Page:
Who is like You, O Lord, among the gods?
Who is like You, glorious in holiness,
Fearful in praises, doing wonders? (Exodus 15:11)

Exodus 15-11

But when the waters of Marah made their life bitter, they did not have the patience to trust in the Lord. That the Lord our God, Who was able to change the waters of Nile into blood, is able to change the bitterness of Marah. El Shaddai, the God Almighty, Who was able to gather the waters of Red Sea and made them into walls, is able to do one more miracle. Unfortunately, when the test of faith came, their lack of patience was exposed.

Faith must produce patience in us. The LORD never tests us more than we can  endure. By the bitter waters of Marah, there was the tree that would heal the waters. And, dear friend, if the test of faith brings bitterness into your life, don’t lose your faith. Instead, look at Calvary. Look at the Tree in which our Saviour died. Look at Jesus, Him crucified. May Jesus Christ be the Author and the Finisher of our faith. Amen.


7. Word of Rest

And when Jesus had cried out with a loud voice, He said, “Father, into Your hands I commit My spirit.” Having said this, He breathed His last. – Luke 23:46

Luke 23.46

This is the seventh and the last of the utterances of our Saviour Jesus Christ from the Cross and it is the Word of Rest.

Just like God created the world and its order and finished everything on the Sixth day, Jesus said “It is finished!” as His sixth utterance from the Cross. And God rested on the Seventh day. And the seventh utterance of Jesus is a Word of rest.

Before “It is finished!”, the cry of the Lord is, “My God, My God why have You forsaken Me?” After it is finished, it is “Father”. Yes, dear friend, Jesus Christ has fulfilled the Law and has paid the price in full. Before it was “our God”; before we felt as if He has forsaken us. Not anymore, because God, Who is the Father of Jesus Christ, is also our Father in heaven.

Before “It is finished!”, Jesus felt as if the hands of Father had let Him down. But, once it is done, it is into those same hands, Jesus commits His spirit. We can rest knowing that the eternal God is our Refuge and underneath are His everlasting arms (Deuteronomy 33:27).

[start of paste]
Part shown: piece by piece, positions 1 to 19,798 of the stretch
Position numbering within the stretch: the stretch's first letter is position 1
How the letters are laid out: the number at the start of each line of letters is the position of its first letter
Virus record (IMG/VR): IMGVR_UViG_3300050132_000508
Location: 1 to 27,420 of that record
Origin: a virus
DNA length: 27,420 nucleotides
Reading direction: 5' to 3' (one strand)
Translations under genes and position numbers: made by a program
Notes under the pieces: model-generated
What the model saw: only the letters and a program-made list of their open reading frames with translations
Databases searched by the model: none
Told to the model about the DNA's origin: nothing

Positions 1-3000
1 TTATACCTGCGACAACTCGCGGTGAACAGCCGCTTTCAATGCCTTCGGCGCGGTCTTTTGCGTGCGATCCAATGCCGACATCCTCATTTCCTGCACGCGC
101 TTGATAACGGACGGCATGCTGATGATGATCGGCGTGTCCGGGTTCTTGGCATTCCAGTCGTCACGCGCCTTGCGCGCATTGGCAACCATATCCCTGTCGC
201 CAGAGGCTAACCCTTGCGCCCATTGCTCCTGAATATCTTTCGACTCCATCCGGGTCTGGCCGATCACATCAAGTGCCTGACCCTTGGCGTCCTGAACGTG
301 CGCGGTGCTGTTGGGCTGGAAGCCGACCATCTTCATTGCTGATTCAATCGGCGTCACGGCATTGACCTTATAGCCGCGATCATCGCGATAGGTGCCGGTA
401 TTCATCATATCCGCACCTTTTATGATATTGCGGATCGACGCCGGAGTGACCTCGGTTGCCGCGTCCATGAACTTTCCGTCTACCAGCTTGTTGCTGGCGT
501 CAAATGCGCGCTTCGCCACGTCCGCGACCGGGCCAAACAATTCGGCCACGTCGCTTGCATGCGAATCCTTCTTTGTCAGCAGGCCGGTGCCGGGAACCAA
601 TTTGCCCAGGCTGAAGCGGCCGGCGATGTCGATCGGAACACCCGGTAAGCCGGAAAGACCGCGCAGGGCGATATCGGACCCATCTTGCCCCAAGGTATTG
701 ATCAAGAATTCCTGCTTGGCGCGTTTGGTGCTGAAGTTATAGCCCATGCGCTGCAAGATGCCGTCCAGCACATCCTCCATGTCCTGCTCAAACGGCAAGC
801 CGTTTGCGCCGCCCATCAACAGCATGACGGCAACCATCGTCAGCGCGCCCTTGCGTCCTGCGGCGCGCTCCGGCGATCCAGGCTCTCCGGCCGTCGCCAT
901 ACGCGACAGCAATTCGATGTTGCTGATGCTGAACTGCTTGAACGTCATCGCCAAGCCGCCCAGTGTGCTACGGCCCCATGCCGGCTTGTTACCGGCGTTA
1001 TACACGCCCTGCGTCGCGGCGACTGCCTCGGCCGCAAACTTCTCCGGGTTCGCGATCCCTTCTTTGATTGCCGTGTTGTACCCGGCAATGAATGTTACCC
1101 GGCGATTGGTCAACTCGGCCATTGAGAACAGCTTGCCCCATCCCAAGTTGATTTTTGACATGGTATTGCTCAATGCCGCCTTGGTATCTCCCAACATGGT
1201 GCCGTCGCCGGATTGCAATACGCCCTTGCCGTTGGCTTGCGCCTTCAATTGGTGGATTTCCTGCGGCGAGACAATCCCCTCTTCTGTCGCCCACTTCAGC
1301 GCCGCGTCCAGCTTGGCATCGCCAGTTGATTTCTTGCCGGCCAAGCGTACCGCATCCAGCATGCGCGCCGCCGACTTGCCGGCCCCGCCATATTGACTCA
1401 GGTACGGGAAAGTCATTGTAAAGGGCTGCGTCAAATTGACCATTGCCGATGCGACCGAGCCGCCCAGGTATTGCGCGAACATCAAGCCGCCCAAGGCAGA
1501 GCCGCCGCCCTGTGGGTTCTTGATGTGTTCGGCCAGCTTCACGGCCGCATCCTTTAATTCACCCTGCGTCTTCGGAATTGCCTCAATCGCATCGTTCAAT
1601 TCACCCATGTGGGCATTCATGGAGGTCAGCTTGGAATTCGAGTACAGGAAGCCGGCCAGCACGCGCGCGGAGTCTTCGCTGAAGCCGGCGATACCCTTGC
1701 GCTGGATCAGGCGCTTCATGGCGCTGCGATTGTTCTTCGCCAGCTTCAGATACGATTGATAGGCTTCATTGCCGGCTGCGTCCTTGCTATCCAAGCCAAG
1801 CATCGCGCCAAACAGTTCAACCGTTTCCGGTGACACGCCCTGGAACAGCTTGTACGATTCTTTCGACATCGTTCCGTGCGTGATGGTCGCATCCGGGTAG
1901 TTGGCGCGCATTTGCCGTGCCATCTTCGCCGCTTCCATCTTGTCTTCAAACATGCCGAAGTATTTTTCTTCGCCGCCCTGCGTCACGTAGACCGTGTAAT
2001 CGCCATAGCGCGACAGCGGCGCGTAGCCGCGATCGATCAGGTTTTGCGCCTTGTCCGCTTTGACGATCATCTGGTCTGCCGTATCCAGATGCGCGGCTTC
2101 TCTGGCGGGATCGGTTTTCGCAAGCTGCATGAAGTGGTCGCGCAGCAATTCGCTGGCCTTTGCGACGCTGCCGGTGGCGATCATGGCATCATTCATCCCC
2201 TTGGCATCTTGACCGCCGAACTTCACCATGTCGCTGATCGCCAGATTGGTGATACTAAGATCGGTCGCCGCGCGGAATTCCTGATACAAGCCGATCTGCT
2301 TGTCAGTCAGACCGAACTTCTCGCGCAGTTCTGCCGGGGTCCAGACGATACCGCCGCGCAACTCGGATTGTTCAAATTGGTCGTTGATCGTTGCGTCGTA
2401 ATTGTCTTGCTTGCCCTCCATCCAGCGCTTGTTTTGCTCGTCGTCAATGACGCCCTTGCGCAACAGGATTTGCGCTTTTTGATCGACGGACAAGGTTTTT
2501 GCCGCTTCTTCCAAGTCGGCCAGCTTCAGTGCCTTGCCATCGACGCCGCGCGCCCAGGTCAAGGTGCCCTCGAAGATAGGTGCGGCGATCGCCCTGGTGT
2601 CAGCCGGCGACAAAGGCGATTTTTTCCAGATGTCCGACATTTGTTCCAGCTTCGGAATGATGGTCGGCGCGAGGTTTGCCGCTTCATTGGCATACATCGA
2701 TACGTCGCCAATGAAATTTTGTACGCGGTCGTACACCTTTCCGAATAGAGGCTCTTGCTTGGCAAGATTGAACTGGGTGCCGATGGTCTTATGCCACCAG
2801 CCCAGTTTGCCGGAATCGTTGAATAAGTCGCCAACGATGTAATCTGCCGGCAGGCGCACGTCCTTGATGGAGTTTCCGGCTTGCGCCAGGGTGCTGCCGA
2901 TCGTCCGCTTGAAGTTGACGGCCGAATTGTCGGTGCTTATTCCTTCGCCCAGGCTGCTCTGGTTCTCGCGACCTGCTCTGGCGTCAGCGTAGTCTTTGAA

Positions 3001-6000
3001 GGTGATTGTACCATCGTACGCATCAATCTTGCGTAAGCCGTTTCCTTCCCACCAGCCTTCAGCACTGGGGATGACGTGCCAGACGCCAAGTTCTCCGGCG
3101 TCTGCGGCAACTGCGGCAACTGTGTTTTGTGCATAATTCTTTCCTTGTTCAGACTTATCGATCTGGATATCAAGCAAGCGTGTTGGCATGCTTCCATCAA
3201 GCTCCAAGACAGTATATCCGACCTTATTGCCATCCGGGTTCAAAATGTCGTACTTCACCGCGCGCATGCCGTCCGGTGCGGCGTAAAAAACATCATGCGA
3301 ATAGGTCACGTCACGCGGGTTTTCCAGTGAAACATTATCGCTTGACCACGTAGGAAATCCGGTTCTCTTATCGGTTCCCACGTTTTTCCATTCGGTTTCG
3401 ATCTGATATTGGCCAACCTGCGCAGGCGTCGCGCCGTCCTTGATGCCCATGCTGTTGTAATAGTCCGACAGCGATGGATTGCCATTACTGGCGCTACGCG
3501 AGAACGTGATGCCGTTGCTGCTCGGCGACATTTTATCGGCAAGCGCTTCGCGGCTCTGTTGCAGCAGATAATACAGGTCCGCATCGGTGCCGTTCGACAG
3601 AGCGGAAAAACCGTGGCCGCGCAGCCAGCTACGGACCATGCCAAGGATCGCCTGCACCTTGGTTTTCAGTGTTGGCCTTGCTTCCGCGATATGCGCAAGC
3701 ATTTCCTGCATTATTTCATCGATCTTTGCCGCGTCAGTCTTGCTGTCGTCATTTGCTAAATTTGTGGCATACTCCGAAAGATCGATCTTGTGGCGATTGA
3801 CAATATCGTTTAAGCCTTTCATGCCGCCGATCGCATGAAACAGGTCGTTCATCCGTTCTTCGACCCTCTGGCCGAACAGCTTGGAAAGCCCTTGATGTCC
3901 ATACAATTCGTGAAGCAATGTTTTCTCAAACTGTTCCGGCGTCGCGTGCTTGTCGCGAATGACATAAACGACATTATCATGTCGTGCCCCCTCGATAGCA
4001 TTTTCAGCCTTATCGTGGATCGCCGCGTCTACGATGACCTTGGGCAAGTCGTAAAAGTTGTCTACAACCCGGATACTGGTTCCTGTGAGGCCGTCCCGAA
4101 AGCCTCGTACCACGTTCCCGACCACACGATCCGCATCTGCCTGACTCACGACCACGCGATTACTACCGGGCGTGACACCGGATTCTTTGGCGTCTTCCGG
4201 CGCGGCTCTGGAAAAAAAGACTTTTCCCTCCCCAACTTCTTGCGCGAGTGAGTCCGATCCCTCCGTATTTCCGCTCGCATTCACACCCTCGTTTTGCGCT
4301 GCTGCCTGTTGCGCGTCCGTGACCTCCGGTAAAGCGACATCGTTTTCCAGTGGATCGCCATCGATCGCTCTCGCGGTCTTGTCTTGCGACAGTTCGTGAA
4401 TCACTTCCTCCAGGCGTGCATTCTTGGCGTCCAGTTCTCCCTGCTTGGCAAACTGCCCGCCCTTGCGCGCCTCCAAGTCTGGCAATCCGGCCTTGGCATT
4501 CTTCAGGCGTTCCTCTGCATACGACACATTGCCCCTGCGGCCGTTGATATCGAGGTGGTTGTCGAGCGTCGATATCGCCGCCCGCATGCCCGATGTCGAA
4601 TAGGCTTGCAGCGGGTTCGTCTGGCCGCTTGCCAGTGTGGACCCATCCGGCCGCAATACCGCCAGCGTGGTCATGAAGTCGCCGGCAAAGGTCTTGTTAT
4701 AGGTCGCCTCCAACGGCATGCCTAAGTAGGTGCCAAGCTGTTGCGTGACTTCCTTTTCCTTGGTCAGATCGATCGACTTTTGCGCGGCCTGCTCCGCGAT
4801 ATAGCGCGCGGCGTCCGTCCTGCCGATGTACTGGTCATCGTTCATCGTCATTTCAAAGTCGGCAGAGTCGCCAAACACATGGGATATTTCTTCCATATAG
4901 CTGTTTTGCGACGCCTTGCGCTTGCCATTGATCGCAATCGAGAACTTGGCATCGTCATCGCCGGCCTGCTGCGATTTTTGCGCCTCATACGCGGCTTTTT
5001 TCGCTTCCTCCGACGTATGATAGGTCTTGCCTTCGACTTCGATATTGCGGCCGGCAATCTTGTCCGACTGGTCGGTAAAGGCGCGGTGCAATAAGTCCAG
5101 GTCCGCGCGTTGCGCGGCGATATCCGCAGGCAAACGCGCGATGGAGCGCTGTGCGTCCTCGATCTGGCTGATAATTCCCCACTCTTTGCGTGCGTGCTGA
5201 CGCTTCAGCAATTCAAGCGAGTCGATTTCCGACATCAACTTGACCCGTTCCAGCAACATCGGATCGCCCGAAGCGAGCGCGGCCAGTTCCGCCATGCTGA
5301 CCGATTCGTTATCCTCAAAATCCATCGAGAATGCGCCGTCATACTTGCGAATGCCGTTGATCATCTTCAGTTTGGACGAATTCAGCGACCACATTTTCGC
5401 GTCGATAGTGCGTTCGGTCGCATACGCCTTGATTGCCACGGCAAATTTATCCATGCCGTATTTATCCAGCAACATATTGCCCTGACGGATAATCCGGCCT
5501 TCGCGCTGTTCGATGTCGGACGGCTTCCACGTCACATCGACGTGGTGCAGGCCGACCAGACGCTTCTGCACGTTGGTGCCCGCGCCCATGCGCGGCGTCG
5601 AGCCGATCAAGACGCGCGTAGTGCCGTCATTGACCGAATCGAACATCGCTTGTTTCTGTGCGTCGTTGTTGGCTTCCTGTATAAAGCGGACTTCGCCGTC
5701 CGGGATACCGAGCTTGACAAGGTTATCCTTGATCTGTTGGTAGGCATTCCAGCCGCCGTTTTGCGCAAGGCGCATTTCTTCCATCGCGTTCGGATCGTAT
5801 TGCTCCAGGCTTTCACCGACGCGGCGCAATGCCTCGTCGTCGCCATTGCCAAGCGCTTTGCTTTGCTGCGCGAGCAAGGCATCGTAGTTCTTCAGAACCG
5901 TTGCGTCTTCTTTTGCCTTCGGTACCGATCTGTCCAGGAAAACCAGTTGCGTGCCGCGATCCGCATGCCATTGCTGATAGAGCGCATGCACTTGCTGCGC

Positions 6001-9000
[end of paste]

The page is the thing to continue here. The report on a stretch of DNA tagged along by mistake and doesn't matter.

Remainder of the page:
Before “It is finished!”, Jesus asked His Father, “Why have You forsaken Me?”. But now, He says, “I commit My spirit.” Dear friend, commit your life to our Father now. Commit your future to Him. Commit your everything to Him. As Paul said, we know Whom we have believed. Believe in our Father Who gave His only Son for us. May that faith bring rest unto our life. Amen.

4. Voice of Anguish

And about the ninth hour Jesus cried out with a loud voice, saying, “Eli, Eli, lama sabachthani?” that is, “My God, My God, why have You forsaken Me?” – Matthew 27:46


The fourth utterance from our LORD Jesus Christ. I had uttered these very words so many times in my life. As I was struggling with depression, I had to battle loneliness so many times. 2-Corinthians-5.21There would be so many people around me, laughing with me, but the wounds in my heart would tear me apart and this would be the silent cry from the heart, and at times, there were some feral screams too.

So, when I started to meditate on the Passion of our Lord, it bothered me. I was a sinner. I am imperfect. My heart rebels against God. So, I can understand if the LORD forsakes me. But why would Jesus Christ, the only Son of God utter these words in anguish?

Because God made Jesus who knew no sin to be sin for us, that we might become the righteousness of God in Him. – 2 Corinthians 5:21.

Oh, now it makes sense. Jesus cried out because it was supposed to be me. It was I who was supposed to be forsaken. Instead, Jesus was made to be sin for us, that the Most Holy God, Who does not look at sin, had to forsake Jesus.

Jesus for me

The love of God our Father Who was ready to hide His face from His only Son. The love of Jesus Christ, our Saviour and the Son of God, Who was ready to be forsaken for us. Is there any way to understand such a love? Especially when I think about the sin that has lived in me. For me. And because Jesus took my place and was forsaken, I know that promise the Lord gave me, when He brought me with a mighty hand into His fold, will never fail: I will never leave you nor forsake you.